Harris already had two Lull efforts under his belt by the time Cold Summer surfaced, but this packed-to-the-brim disc was easily the pinnacle of his efforts up to that point, four lengthy songs that more than anything else justified the "isolationism" tag that surfaced at the time to describe chilled, cool ambient. Comparison points to the work of Thomas Köner and Main in particular work here, and in some respect Lull finds a particular balance between both, combining the sense of hushed alien landscapes from the former with the obsessive focus on rhythm from the latter. It's easy enough to hear the connection to Scorn as well, with the chief difference being the lack of any drums or conventional rhythm loops, but with the focus strictly and solely on the slowly evolving textures and looped tones instead of beats, Lull achieves its own identity instead of simply being a Scorn remix, say. As much as the album title, the song names capture the atmospheres at play -- "Slow Fall Inward," "Lonely Shelter," "Long Way Home," "Lost Sanctum." The songs don't start and stop so much as solely waft in and drift away, steady and slow progressions that float like ghosts. It's the weird, nagging rhythms almost buried in the flow of drones and muffled, stretched-out chimes and rings, the rising and falling of tones rather than drum hits, which provide the core to the tracks, making the experience more than just background music. Listening almost forces a hush on potential listeners, shot through as the album is with just enough potential threat. It's one heck of a long way from the hyperspeed blur of the earliest Napalm Death records, to be sure, but Cold Summer demonstrates clearly how Harris is very much the master of extremes.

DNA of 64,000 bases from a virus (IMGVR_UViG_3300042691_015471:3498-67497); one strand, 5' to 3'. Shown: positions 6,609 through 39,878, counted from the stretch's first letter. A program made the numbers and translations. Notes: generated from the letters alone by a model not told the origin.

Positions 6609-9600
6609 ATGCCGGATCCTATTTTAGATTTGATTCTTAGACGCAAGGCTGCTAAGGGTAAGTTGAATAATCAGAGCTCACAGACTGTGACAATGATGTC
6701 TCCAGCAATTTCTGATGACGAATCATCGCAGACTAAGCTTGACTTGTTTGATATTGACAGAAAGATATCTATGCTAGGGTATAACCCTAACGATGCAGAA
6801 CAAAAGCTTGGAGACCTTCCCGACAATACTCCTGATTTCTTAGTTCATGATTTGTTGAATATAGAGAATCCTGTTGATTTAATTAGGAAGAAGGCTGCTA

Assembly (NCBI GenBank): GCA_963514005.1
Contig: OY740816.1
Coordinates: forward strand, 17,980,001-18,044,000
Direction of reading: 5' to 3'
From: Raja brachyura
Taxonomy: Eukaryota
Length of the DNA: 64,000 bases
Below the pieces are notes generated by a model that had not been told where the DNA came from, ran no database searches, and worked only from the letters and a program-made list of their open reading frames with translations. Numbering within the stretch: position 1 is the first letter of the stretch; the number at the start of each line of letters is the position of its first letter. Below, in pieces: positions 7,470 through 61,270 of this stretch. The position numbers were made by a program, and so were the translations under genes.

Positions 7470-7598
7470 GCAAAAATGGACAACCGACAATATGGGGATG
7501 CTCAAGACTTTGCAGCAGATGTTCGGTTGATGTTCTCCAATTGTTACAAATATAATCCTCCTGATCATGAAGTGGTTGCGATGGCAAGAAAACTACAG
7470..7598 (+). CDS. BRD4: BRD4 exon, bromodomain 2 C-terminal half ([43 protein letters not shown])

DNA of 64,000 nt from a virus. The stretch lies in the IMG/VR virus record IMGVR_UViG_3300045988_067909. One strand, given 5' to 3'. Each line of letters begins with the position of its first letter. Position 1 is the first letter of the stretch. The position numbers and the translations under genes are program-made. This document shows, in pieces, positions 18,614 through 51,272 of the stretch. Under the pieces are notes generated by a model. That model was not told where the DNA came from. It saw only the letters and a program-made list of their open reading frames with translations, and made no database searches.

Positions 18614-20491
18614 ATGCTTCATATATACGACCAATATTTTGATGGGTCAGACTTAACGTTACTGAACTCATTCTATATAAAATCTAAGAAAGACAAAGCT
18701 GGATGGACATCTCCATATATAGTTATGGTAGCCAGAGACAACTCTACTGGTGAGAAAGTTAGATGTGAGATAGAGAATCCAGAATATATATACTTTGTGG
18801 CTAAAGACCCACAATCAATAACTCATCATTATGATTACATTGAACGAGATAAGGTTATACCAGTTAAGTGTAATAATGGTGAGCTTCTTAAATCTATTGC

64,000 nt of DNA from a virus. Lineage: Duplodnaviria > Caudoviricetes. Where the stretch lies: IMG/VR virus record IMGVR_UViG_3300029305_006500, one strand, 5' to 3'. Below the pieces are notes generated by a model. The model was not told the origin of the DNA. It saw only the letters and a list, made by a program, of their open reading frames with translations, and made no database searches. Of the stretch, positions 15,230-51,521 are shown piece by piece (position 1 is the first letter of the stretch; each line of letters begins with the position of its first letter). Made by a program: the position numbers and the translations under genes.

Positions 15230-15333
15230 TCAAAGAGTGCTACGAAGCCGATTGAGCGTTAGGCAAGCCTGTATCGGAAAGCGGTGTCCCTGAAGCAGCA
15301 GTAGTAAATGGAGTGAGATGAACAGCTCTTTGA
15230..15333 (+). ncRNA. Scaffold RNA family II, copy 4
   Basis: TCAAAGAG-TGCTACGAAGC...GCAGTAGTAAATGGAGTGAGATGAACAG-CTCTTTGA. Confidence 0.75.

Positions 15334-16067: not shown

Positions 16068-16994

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AllMusic Review by Ned Raggett